Blessing “the “hands that feed me”…
To bless doesn’t just mean “think good thoughts” or “be nice.” To bless is far more radical. It is to actually give life, to have one’s cup run over into the lives of others. To have one’s parents’ blessings is to have each of them send you off into life saying “I see you. I know you are good. I believe in you. I trust you. I am proud of you. May you be fruitful and multiply…” To bless is to speak from and for and to the divine, as a priest blesses a marriage or christens a baby. To bless is to respect the integrity and mystery of the life of another.” (Vicki Robin – Blessing the Hands That Feed Us)
In case it’s new to you, kombucha is sugar sweetened tea that is fermented and cultured into a sour tonic drink that can be double fermented to get a fizzy carbonation in the final beverage.
The fermentation occurs through the work of a community of microorganisms. Kombucha is cultured into fermented tea through the SCOBY – a rubbery disk that floats atop of the tea and takes the shape of the fermentation vessel. This is similar to the making of apple cider vinegar – which forms a similar by product known as mother of vinegar. It’s pretty interesting stuff… and takes some getting used to, but it works!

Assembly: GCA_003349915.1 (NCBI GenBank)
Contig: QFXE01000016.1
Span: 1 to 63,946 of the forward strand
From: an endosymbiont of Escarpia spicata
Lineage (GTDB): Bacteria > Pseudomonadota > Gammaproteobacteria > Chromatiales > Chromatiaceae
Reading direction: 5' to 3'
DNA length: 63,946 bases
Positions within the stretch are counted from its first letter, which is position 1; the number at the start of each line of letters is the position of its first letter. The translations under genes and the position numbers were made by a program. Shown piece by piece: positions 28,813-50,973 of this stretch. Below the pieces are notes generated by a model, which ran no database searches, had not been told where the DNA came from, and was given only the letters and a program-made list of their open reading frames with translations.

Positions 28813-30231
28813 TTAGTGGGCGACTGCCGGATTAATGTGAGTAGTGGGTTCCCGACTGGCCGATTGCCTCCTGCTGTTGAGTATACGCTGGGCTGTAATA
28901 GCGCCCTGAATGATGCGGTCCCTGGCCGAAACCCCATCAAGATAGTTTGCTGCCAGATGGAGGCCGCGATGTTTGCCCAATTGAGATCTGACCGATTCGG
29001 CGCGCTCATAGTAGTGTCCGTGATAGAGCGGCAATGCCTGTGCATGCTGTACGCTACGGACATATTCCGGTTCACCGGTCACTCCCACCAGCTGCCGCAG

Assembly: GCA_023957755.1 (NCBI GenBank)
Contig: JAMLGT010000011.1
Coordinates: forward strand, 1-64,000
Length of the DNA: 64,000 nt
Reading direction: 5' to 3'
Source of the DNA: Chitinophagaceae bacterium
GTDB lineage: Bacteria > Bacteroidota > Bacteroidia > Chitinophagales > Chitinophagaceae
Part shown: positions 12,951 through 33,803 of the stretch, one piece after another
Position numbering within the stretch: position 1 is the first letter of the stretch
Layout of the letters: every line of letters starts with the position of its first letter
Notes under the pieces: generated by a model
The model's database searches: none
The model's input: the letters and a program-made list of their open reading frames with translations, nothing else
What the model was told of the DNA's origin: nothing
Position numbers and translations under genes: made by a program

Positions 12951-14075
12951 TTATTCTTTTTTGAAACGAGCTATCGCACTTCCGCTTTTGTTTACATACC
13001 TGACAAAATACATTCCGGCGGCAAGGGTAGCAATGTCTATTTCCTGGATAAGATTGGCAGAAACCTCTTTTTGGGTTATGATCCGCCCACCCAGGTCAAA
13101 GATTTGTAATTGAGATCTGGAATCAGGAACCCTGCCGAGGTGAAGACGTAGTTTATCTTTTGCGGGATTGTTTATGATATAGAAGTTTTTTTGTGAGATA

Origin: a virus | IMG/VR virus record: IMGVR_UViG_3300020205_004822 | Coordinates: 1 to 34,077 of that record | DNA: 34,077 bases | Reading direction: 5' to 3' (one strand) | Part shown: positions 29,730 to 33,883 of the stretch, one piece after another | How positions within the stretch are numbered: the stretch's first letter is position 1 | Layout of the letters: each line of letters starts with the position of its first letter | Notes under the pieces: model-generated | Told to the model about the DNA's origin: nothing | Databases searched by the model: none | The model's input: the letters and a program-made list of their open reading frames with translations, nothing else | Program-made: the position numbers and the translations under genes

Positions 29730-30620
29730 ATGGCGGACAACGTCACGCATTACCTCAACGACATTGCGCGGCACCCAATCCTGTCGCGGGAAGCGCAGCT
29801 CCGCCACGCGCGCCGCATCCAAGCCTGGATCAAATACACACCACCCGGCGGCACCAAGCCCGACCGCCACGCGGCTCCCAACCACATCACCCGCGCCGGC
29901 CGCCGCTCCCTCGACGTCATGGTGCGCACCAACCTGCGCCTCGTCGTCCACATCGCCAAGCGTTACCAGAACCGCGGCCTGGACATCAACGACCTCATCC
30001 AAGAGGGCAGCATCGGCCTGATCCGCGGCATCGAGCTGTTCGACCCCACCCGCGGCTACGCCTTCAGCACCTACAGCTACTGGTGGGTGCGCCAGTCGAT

Some Russians call kombucha tea kvass.
In recent years kombucha has gone from relative obscurity to top selling health tonic and is now available in most health food chains, including MOMS Organic Market and Whole Foods.
One point of note is that kombucha is not for everyone, and so if it doesn’t agree with you, don’t drink it. It’s not meant to be guzzled like a tall glass of water.
We’ve started making ours, but in small batches. Last summer we babysat a friends kombucha brew, which made more than a gallon per brew. It was too much.
You can find lots of information on brewing kombucha as well as supplies and recipes here: Kombucha Kamp.
We’ve been having fun experimenting with kombucha infused with grapefruit and with ginger.